The USC Andrew and Erna Viterbi School of Engineering USC Signal and Image Processing Institute USC Ming Hsieh Department of Electrical Engineering University of Southern California

Technical Report USC-SIPI-297

“Multichannel Blind Deconvolution: Fir Matrix Algebra and Separation of Multipath Mixtures”

by Russell H. Lambert

May 1996

A general tool for multichannel and multipath problems is given in FIR matrix algebra. With Finite Impulse Response (FIR) filters (or polynomials) assuming the role played by complex scalars in traditional matrix algebra, we adapt standard eigenvalue routines, factorizations, decompositions, and matrix algorithms for use in multichannel/multipath problems. Using abstract algebra/group theoretic concepts, information theoretic principles, and the Bussgang property, methods of single channel filtering and source separation of multipath mixtures are merged into a general FIR matrix framework. Techniques developed for equalization may be applied to source separation and vice versa. Potential applications of these results lie in neural networks with feed-forward memory connections, wideband array processing, and in problems with a multi-input, multi-output network having channels between each source and sensor, such as source separation. Particular applications of FIR polynomial matrix algebra are given in the form of ``vector error" generalizations of the traditional tools of adaptive Wiener filtering.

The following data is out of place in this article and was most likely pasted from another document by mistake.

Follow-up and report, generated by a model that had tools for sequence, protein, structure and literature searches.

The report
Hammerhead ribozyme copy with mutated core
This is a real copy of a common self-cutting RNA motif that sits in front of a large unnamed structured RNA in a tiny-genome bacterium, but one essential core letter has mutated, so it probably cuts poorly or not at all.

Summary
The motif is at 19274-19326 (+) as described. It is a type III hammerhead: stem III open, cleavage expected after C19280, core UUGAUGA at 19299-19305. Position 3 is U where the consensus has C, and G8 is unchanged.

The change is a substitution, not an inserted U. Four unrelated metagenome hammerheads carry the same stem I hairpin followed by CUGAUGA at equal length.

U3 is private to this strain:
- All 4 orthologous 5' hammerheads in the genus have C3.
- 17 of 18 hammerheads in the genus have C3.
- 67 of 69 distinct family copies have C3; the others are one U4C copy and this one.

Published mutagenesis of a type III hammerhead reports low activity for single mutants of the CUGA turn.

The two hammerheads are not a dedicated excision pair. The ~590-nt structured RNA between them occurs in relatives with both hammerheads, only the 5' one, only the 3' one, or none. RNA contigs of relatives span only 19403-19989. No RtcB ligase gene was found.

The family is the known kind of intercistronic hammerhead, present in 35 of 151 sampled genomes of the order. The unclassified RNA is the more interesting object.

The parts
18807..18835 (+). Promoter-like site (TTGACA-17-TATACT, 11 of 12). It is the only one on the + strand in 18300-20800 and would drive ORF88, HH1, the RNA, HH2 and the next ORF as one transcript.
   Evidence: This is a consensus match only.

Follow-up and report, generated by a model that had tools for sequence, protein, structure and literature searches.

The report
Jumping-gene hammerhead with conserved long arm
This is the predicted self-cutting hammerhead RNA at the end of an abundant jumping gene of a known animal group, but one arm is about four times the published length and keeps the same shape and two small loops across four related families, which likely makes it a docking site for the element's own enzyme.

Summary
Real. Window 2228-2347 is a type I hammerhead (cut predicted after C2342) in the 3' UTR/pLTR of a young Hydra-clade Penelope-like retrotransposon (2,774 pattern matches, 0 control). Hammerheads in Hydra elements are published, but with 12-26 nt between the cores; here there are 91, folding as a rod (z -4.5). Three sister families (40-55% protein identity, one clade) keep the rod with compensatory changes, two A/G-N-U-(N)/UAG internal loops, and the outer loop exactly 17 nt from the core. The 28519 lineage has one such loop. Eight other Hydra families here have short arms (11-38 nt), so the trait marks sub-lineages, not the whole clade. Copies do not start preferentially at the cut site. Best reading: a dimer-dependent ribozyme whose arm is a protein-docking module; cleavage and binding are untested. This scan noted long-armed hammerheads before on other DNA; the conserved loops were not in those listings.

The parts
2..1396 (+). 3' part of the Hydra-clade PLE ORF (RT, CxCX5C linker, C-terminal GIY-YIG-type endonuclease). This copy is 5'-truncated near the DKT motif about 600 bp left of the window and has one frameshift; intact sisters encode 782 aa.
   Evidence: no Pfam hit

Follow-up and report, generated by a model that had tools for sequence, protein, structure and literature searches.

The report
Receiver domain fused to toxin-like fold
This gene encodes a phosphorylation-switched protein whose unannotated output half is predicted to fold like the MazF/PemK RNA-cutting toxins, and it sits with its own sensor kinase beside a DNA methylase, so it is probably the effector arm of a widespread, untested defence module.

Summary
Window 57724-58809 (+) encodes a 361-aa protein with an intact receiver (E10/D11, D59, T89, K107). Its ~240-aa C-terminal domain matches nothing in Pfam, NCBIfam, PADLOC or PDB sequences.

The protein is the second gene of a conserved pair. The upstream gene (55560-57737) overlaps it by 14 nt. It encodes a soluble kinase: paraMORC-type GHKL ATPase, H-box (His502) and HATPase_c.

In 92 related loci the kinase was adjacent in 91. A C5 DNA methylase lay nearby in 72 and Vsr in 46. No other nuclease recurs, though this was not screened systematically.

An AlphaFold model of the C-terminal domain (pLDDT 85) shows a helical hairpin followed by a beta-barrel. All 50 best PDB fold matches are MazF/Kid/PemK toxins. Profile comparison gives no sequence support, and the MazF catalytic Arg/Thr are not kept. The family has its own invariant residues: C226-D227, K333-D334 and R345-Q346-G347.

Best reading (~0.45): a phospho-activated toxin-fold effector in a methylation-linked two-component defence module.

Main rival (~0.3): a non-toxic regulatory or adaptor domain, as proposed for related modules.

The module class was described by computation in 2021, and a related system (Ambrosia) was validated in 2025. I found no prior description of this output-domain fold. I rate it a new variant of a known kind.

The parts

Analysis in the FIR polynomial (frequency) representation has revealed three distinct expressions of the Bussgang property giving rise to three fundamental classes of blind (self-organizing) cost functions for separation, equalization or both. The classes are: the traditional Bussgang methods, the Direct Minimum Entropy Deconvolution (DMED), and the third Bussgang form (DBAC3), with the EASI-like property that sensor data is not directly used in the update equation. The latter two methods are shown to possess greater stability, insensitivity to eigenvalue disparity, and speed of convergence than the traditional Bussgang methods.

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